Motorola's Pension Freeze Sign of the Times
SCHAUMBURG, Ill. -- Members of Motorola Employees Credit Union are probably not too surprised to hear that Motorola Inc. has made the decision to permanently freeze its U.S. defined benefit pension plans.
John Fiore, president/CEO of the $650 million CU, said there is a general understanding that economic conditions have affected the mobile technology giant's bottom line. So far, members have not expressed any concerns.
Motorola recently announced that as part of an overall cost reduction program, effective March 9, it will permanently freeze its U.S. pension plans, preserving vested benefits accrued by employees and retirees but eliminating future benefit accruals. The company said it still intends to continue providing funding to meet its pension obligations to present and future retirees.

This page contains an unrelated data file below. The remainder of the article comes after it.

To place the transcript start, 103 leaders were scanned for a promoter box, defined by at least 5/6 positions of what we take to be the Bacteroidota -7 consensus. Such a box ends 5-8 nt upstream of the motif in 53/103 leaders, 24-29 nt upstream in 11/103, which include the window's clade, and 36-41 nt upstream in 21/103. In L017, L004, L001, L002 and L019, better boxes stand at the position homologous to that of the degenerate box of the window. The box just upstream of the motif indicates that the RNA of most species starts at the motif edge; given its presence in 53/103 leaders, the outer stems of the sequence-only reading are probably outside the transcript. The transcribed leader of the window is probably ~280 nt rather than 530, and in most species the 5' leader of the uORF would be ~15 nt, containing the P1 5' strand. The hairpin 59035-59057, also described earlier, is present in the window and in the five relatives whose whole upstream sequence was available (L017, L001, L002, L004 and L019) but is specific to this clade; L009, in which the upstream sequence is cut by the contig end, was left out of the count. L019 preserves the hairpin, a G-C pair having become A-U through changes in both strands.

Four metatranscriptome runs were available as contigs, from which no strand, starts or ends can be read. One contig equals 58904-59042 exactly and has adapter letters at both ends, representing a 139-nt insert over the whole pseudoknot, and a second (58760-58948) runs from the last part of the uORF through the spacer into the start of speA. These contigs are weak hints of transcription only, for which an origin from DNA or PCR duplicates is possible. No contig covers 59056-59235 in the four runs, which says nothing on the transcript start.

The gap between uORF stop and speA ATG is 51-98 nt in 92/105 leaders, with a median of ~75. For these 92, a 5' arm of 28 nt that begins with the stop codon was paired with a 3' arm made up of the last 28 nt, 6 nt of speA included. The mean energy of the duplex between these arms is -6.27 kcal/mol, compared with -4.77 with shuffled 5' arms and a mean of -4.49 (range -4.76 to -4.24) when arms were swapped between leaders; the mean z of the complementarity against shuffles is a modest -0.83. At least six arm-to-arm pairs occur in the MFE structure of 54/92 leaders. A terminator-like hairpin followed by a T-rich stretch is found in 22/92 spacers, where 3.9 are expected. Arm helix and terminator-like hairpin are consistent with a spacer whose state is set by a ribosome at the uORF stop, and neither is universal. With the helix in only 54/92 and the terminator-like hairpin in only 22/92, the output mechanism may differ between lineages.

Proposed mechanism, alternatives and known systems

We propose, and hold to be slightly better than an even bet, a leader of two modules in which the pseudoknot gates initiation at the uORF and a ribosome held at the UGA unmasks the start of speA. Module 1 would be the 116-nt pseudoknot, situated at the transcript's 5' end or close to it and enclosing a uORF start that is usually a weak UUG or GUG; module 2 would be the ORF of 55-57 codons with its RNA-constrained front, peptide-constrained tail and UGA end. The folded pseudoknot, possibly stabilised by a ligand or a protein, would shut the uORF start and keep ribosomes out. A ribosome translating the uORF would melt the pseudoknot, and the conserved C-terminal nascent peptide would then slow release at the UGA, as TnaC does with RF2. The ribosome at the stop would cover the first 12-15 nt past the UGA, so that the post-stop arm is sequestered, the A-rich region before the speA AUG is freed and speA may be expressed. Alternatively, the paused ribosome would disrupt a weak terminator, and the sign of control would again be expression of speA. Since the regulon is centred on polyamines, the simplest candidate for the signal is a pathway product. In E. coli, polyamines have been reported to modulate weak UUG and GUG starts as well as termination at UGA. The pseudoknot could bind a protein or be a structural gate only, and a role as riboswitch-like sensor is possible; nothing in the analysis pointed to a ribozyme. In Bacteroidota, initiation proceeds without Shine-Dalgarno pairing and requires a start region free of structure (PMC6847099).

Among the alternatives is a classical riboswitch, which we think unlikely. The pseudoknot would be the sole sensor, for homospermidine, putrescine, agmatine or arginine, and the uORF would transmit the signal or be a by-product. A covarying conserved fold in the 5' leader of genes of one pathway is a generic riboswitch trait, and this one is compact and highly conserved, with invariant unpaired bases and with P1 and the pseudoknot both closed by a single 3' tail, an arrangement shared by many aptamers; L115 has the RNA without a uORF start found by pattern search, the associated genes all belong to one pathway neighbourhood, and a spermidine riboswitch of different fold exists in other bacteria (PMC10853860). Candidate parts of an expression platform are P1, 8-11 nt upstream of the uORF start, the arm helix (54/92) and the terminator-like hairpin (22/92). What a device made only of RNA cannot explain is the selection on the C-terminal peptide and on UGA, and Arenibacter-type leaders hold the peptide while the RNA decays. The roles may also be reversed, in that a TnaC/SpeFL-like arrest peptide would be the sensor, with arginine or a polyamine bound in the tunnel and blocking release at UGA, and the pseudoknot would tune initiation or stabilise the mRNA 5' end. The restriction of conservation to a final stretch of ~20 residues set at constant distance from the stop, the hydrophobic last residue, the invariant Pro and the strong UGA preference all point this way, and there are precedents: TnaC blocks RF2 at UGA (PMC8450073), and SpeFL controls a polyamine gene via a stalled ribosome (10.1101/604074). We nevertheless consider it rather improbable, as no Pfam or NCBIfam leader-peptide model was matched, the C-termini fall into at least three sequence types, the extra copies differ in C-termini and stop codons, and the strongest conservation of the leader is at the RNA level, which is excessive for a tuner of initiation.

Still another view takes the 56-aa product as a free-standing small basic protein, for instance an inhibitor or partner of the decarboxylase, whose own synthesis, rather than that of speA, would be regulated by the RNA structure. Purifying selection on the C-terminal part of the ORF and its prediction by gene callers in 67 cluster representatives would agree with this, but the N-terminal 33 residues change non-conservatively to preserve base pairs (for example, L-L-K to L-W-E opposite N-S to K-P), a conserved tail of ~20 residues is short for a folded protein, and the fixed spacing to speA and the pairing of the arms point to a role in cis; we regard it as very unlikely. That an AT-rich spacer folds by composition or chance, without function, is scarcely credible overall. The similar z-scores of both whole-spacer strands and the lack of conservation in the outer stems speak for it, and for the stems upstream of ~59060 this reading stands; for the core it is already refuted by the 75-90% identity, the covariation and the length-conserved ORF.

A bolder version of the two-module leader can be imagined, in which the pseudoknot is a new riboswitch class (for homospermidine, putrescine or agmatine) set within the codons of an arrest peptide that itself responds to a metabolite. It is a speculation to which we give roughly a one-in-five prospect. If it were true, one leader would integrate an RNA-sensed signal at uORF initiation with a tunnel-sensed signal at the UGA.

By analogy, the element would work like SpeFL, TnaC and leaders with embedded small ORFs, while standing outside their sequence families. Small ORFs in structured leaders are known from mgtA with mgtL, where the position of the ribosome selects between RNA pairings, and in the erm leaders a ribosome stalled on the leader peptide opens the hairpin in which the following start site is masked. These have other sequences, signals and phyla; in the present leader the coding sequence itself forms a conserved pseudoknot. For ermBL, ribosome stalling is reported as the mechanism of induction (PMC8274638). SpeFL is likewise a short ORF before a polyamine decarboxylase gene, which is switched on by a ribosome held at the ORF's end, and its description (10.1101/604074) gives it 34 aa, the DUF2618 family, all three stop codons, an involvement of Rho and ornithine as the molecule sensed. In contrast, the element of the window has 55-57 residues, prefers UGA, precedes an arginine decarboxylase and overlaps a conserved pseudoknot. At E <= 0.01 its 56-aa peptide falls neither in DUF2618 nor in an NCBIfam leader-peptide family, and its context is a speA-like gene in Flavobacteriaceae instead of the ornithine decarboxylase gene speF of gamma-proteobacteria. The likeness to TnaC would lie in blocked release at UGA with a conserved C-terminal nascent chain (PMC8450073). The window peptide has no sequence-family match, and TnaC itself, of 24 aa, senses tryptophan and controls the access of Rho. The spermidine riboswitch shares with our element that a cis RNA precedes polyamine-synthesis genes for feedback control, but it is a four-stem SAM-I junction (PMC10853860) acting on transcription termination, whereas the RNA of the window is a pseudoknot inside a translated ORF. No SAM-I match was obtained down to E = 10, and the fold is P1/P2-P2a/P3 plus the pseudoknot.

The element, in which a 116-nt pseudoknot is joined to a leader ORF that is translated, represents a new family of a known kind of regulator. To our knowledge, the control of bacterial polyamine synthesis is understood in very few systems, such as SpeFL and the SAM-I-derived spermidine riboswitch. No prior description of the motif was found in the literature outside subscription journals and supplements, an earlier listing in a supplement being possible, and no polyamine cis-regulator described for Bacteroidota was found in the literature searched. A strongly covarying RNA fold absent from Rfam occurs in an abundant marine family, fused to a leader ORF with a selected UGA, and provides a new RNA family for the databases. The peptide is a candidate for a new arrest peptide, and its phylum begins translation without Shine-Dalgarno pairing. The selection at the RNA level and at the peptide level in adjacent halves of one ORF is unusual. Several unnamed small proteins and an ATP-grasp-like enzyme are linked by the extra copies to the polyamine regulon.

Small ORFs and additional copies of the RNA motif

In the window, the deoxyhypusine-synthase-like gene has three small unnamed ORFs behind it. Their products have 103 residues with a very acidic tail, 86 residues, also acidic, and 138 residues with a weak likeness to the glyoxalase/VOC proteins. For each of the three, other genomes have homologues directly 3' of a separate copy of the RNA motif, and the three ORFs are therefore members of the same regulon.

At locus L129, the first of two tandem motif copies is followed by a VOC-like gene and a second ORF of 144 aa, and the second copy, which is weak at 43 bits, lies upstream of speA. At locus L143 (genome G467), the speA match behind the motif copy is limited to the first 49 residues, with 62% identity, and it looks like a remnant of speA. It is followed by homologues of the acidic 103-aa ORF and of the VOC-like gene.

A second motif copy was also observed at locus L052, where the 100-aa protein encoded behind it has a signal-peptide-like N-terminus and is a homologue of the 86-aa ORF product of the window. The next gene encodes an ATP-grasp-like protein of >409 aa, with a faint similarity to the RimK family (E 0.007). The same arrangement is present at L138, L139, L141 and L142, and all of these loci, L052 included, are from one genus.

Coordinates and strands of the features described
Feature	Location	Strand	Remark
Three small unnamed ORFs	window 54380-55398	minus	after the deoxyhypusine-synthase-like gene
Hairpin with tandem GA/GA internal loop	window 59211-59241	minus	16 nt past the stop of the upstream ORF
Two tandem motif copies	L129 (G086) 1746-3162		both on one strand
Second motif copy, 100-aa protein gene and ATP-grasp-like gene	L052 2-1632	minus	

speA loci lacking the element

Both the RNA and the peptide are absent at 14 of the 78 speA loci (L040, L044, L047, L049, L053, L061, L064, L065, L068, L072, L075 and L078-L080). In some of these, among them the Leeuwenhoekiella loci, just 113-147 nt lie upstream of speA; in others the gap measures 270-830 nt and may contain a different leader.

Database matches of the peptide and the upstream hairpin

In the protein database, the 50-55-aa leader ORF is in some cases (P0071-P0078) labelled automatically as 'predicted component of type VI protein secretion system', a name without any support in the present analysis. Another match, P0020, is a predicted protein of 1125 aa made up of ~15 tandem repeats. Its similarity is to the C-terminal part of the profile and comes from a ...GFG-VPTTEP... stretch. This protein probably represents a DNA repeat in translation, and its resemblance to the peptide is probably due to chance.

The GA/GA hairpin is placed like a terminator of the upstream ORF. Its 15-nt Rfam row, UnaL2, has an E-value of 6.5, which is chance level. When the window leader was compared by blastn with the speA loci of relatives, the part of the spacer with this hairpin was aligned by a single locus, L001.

"Most companies do not even have a defined benefits plan," Fiore said. "Motorola is probably one of the last to truly have [one] and they kept it going for as long as they possibly could. But it's a pretty expensive endeavor."
In a move to further cut costs, Motorola said as of Jan. 1, it will also temporarily suspend all company matching contributions to its 401(k) plans. Fiore said he is optimistic that Motorola will return to matching when the company is in a better financial position.
Of the CU's 40,000 members, half are active Motorola employees, Fiore said, adding the other half is retirees, people who have left the company or were laid off.